Standard Badger/ Pure Badger/ Fine Badger/ Best Badger
Standard/ Pure/ Fine/ Best Badger is made of hair that grows on most parts of the badger, such as the belly, tail and the back. This is the cheapest type of badger hair and is characterized by the dark color of the hair. The hairs are being inserted in your brush as one bundle and are then being trimmed to a round end.
Brushes in this category can be machine-made unless otherwise noted. After the trimming the hairs get blunt ends, you will feel that they are rougher against the skin than a finer grade badger. That being said, the hairs are far softer and will create nicer bubbles in the foam than pig bristles. A brush in this category is highly recommended to learn how to get a perfect shave.
Pure Badger Hair
These are the bottom of the badger hair heap in terms of quality. The good news is they are at the bottom of the price range as well. They feature a dark brown color and are derived from the belly of a badger. Their low price does not mean they are completely undesirable. As a matter of fact, they do feature softer bristles.
Best Badger Hair
These are a grade higher to the pure badger hair. The brushes made from this hair type are longer and the bristles have a lighter color. The softness is perfect.
Super Badger Hair
The bristles are very soft – softer than those of the above-mentioned types.
The Rolls Royce of shaving brushes. The hair comes from the neck on the badger, where each hair is a little thinner and softer than the rest of the coat. Thus there needs to be more hair to replenish the knot of the brush, giving even finer bubbles and thicker foam.
Hairs in Silvertip Badger is not trimmed to get the recognizable form but inserted one by one by hand to the correct length. The soft tip of the hair is preserved, making Silvertip Badger softest against the skin while further down the hair is stiffer to rapidly whip up foam.
It is, however, harder to find as it only grows on the badgers during winter. Many of these cost $100+. Silvertip is more expensive than the before mentioned bristle types but makes the best lather with the most comfort.
These are probably the hardest to find except in Spain where they are actually a preferred this type. Softness is considered to be between that of boar and badger hair. While there are some parts of the bristles that are hard and stiffer than other hairs, the tips are impressively soft.
Synthetic Hair Brushes
Additionally, there are options made of synthetic material that imitates badger. Previously, the synthetic versions were noticeably poorer in performance than their biological brothers, but current technology and production methods make today’s synthetic alternative the equal of Badger versions.
It has been a long journey for synthetic brushes to get to where they are today. Most who prefer synthetic versions are after a brush that is not expensive and that an animal did not have to die for them to have it.
While most of the issues with the synthetic shaving brush have been handles over the years, some still say that they are not great in holding lather in comparison to the other brushes. Also, synthetic models tend to be a bit stiffer than all other brush hairs.
Silvertip Fibre has gotten plenty of good reviews by experienced shaving enthusiasts and is perceived by many as good as the best Silvertip Badger.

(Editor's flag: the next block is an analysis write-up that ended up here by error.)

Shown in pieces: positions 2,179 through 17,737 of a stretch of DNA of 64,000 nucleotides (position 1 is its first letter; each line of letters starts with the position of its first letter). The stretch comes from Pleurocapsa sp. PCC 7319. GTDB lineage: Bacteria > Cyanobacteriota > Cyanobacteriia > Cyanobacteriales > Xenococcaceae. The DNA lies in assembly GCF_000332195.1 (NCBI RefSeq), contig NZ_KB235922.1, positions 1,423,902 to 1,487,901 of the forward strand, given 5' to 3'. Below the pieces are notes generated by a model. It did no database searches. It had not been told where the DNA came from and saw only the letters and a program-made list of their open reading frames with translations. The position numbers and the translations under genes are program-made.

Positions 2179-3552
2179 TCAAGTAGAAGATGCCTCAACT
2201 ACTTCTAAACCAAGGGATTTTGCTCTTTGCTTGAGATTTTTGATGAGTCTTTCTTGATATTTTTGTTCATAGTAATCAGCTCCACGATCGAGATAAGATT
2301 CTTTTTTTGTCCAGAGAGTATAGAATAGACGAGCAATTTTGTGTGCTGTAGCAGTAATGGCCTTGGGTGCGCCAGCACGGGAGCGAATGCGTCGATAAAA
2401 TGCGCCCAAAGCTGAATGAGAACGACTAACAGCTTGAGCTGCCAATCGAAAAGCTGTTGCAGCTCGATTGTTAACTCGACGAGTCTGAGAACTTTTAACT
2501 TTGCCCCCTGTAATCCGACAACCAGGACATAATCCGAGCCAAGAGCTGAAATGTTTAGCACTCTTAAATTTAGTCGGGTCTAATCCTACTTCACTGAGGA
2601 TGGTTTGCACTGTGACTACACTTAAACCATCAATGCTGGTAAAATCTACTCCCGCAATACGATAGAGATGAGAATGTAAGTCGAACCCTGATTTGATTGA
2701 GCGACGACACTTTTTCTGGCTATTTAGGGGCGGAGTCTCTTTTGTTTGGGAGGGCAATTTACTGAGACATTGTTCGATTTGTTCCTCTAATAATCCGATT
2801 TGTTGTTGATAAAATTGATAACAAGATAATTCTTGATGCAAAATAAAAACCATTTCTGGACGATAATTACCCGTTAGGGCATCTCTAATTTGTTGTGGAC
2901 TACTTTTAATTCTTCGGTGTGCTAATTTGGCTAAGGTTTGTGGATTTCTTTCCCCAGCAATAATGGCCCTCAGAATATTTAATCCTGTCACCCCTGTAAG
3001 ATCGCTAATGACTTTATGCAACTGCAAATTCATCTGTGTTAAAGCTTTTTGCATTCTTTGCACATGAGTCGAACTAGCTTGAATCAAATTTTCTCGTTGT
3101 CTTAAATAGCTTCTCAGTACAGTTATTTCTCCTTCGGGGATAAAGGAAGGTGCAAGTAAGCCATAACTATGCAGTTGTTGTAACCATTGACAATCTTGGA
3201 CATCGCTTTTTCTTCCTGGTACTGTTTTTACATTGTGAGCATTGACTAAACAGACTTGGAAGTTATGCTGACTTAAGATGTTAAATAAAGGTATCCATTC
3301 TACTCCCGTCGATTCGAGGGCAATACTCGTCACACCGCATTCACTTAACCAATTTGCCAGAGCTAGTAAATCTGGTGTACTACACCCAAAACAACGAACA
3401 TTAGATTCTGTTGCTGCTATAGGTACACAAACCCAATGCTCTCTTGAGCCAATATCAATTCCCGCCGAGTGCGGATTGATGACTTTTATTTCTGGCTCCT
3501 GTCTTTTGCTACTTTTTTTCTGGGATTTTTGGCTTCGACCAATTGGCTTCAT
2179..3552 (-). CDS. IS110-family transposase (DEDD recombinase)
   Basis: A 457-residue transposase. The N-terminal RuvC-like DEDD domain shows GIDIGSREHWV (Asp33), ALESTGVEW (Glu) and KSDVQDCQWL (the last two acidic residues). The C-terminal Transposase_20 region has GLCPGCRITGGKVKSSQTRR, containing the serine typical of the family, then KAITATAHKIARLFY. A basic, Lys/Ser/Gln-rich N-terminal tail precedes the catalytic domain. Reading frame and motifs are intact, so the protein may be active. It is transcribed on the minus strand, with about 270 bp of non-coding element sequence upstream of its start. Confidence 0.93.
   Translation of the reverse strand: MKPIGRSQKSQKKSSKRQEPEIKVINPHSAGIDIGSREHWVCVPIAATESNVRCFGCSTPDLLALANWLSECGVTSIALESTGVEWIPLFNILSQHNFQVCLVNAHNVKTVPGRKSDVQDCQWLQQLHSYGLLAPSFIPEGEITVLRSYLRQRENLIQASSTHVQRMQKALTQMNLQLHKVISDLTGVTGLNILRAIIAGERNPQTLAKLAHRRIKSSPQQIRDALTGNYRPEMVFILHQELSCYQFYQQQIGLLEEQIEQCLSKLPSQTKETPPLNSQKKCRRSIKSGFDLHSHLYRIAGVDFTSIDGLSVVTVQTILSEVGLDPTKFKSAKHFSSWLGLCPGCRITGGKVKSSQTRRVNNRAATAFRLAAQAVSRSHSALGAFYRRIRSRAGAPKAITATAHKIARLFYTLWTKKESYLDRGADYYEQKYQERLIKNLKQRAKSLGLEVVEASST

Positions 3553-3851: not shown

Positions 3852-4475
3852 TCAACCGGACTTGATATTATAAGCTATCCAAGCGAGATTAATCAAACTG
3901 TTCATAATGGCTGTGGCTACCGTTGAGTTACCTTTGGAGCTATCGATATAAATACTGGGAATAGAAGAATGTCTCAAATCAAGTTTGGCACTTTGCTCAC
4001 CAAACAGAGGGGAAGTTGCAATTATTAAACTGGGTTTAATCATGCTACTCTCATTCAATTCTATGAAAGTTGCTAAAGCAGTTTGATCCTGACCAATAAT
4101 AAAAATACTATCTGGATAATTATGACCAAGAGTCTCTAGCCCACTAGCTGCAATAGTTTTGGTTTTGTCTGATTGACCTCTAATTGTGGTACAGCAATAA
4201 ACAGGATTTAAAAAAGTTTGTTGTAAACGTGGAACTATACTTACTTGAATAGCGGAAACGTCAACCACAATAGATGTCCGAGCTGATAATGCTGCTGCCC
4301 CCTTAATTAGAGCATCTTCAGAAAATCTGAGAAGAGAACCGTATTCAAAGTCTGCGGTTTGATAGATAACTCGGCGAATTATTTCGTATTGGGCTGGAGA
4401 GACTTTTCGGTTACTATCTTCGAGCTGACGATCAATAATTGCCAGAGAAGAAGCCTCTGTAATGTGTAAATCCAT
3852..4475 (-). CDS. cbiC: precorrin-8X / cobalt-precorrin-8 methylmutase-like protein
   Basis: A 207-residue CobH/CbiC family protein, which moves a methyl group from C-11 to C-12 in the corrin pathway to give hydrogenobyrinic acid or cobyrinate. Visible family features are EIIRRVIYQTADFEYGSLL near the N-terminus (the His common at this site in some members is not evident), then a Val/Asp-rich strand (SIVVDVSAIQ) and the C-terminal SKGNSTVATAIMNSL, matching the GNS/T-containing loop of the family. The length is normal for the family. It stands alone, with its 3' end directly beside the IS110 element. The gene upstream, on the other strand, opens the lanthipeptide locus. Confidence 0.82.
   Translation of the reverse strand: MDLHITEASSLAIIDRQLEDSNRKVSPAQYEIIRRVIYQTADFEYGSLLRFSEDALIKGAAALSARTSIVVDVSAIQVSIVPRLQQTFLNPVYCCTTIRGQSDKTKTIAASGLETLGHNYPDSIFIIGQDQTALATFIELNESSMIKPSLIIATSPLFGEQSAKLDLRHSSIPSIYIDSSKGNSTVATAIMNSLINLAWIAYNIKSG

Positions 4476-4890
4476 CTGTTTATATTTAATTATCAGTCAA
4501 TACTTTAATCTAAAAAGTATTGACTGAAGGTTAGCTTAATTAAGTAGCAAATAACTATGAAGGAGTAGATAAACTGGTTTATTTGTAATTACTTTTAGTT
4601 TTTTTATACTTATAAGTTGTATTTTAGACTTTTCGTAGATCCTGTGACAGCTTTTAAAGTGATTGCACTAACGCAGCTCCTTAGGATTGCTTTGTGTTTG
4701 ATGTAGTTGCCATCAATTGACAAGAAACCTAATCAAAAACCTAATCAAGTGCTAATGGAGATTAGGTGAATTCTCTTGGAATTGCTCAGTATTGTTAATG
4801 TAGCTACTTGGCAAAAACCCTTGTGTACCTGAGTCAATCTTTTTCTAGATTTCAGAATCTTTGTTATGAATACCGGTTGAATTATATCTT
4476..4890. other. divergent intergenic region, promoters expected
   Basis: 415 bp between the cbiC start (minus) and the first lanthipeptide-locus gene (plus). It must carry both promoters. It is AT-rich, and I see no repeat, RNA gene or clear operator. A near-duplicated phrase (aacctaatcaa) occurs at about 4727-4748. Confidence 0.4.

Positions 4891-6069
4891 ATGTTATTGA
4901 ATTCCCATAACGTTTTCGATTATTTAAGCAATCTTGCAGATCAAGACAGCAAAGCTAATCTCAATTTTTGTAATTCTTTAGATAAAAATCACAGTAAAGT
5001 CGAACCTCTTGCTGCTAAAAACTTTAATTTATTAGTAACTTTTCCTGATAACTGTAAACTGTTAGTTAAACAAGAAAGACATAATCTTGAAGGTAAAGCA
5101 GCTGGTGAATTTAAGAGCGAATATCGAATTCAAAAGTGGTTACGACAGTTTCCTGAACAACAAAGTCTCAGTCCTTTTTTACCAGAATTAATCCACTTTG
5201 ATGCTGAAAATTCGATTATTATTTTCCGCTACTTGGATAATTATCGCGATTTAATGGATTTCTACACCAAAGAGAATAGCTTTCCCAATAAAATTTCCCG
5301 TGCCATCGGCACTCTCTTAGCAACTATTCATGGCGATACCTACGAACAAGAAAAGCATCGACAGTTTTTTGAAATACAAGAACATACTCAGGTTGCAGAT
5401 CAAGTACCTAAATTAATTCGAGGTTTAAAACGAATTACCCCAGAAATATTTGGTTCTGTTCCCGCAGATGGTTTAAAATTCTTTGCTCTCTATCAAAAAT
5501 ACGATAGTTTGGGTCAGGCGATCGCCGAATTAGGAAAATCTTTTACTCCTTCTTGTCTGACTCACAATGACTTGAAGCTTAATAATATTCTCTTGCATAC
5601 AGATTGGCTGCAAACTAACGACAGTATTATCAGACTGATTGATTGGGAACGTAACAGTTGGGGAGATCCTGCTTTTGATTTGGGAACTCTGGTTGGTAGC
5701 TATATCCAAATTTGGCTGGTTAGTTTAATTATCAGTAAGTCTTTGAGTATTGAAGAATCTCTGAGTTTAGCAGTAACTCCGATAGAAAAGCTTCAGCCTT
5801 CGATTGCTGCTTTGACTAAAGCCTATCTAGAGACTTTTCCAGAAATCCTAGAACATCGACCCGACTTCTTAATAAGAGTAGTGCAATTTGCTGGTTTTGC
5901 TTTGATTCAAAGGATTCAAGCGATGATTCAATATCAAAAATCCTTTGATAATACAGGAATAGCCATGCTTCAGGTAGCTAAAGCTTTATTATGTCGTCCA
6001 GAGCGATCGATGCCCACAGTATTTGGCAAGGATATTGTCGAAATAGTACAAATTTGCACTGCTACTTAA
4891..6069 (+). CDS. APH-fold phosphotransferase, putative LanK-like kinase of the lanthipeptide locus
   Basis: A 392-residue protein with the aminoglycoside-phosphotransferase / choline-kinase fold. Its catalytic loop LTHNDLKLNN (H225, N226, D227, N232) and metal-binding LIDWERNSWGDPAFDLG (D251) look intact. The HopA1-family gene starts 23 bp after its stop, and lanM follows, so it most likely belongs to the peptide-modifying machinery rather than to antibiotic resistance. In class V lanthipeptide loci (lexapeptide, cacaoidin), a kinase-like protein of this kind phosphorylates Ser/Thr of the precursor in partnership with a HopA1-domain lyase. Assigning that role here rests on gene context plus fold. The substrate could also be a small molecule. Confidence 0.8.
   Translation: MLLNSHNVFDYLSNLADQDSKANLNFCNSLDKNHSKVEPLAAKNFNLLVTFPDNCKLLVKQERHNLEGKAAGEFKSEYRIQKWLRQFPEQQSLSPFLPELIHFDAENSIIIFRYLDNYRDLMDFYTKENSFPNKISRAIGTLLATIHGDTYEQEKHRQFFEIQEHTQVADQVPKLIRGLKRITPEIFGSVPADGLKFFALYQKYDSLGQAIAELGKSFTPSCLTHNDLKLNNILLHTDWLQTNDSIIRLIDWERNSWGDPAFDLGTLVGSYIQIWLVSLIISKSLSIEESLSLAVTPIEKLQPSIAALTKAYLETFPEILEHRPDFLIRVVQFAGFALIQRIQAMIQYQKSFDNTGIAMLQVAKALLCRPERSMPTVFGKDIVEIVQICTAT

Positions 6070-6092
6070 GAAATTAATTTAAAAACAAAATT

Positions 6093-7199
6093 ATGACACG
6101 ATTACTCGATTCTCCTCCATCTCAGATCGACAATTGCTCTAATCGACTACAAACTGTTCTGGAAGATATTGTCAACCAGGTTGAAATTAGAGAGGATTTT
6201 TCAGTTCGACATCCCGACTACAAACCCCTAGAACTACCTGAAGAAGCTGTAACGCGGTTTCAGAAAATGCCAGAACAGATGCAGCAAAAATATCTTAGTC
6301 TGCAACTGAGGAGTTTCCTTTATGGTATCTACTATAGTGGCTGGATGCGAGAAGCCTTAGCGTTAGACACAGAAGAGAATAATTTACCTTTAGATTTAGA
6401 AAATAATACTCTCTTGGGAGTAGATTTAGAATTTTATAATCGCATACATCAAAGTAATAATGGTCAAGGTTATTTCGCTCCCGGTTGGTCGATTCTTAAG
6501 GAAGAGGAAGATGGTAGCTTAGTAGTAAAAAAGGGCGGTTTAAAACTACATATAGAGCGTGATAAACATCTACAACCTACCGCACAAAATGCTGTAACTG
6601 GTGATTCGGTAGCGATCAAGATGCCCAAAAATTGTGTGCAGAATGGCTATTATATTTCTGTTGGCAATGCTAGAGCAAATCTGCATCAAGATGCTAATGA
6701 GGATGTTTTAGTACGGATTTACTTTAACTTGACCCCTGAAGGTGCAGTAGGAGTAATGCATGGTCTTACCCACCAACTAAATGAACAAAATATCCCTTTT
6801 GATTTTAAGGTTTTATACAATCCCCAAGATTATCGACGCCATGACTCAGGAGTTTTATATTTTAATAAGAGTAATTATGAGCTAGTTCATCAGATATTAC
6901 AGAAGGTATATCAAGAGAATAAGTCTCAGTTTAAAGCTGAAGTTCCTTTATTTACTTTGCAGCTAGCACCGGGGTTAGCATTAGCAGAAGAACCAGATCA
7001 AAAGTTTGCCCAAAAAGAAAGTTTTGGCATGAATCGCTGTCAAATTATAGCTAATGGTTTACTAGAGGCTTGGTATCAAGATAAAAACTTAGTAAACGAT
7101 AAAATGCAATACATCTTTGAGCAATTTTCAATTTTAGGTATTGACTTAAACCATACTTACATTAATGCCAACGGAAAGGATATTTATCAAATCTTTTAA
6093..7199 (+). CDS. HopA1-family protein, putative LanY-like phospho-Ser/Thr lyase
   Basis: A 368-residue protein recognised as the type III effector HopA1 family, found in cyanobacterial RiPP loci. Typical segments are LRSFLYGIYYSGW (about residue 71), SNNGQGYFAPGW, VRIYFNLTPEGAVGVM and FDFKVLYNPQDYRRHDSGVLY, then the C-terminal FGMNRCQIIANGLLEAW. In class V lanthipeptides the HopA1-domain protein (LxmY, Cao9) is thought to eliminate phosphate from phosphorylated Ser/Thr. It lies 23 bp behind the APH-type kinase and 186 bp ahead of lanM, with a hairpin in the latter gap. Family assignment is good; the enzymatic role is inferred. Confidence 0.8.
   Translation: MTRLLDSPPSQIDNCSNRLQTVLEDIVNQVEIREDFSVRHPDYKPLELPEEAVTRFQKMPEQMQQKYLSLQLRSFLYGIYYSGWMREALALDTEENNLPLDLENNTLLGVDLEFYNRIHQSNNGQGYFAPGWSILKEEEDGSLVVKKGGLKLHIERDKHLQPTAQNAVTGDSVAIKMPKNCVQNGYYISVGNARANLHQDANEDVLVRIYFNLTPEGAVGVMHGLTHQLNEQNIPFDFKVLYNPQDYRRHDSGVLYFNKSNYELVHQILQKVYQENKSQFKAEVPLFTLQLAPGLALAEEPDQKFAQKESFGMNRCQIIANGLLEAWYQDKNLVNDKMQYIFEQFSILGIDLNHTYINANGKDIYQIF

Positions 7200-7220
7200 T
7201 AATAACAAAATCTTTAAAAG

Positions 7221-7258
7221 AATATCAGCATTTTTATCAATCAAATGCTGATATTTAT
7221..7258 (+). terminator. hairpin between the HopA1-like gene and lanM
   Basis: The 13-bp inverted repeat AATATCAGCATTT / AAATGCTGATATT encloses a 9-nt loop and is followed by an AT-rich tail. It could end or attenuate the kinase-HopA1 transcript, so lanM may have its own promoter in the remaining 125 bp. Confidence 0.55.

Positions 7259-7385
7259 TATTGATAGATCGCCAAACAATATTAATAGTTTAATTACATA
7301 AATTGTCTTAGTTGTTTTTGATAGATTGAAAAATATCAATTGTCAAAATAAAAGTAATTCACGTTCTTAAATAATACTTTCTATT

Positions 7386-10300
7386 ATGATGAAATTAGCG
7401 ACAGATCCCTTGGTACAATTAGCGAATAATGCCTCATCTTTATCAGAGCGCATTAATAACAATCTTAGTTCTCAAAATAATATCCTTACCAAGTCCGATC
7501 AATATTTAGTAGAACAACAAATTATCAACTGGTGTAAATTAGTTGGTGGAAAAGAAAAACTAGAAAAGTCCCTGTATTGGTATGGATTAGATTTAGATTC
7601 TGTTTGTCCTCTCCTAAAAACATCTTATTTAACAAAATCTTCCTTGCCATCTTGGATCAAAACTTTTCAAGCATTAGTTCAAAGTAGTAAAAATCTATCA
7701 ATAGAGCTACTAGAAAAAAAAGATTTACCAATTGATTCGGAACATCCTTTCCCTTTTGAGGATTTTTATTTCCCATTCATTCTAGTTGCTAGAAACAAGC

There is also Black Fibre that corresponds to Pure Badger in use and price range.
Synthetic Fiber vs. Natural Hair
There are some very distinct pros – and cons to the synthetic hair vs their natural counterpart.
Synthetic Fiber Pros
- Strength – Synthetic fiber is a lot stronger than natural hair
- Maintenance – Synthetic fiber involves more or less zero maintenance
- Consistency – If you have two brushes with the same knot, handle and loft, there is almost no variance on synthetic brushes whereas on natural hair there will be some slight variance even with the same hair grade
- Temperature range – Synthetic fiber will withstand hotter (though not extremely hot or boiling) water that would damage natural hair
- Drying – Synthetic fiber will dry much faster than natural hair
Synthetic Fiber Cons
- Water retention – Synthetic fibers do not retain water like natural hair, so you must modify your lather procedure to accommodate this lack of retained water
- Heat retention – Synthetic fibers will lose heat faster than natural hair (a bit like down vs. synthetic fibers in clothing), so if you like warm lather throughout the shave – a natural hair bristle may be more your preference
- Feel at the tip – Good synthetic fibers are soft at the tip but they do not “feel” the same as a natural badger hair brush
- Backbone variation – Synthetic fibers have one consistent backbone feel whereas you can vary the backbone in a natural brush by the amount of time you let the brush soak in water
Synthetic alternatives are therefore no longer something you just buy to avoid using animal products, but a good alternative for a Badger shaving brush!
You may want a dedicated brush for your travels. Some larger versions – while perfectly suited for home use – may cause minor packing issues. A travel alternative will have a considerably shorter handle with a smaller loft. This helps in ease of packing, and there are numerous special choices on the market in which the container protecting the knot transforms to become the handle.
A good brush can last for years with proper care and maintenance. Be careful when you rinse it after use and make sure you get all the soap residue out. Rinse from the top down with warm water and squeeze the knot gently to circulate water through all the hair. Once you have got rid of all the foam, shake it well until no more water comes out and then put it away. If you hang it upside down in a rack it will dry faster, this is also a convenient way to store it. It almost never drips water from it, if it is shaken well.
Check out our How to Clean a Shaving Brush guide.
If you are going to travel it’s smart to carry a container suitable for the job. The container should have a hole in the bottom so that the moisture being released from the hair can escape.
NOTE: Do not boil the brush after you’ve bought it. This will damage the hair and handle, which comes factory sterilized anyway. The hair or bristle will smell a bit in the beginning, but this disappears after a bit of use. There is usually no need for special detergents for cleaning the hair since it constantly being cleaned by the shaving soap. It is common that they all lose a few hairs at the start, and all shaving brushes expand or “bloom” over time.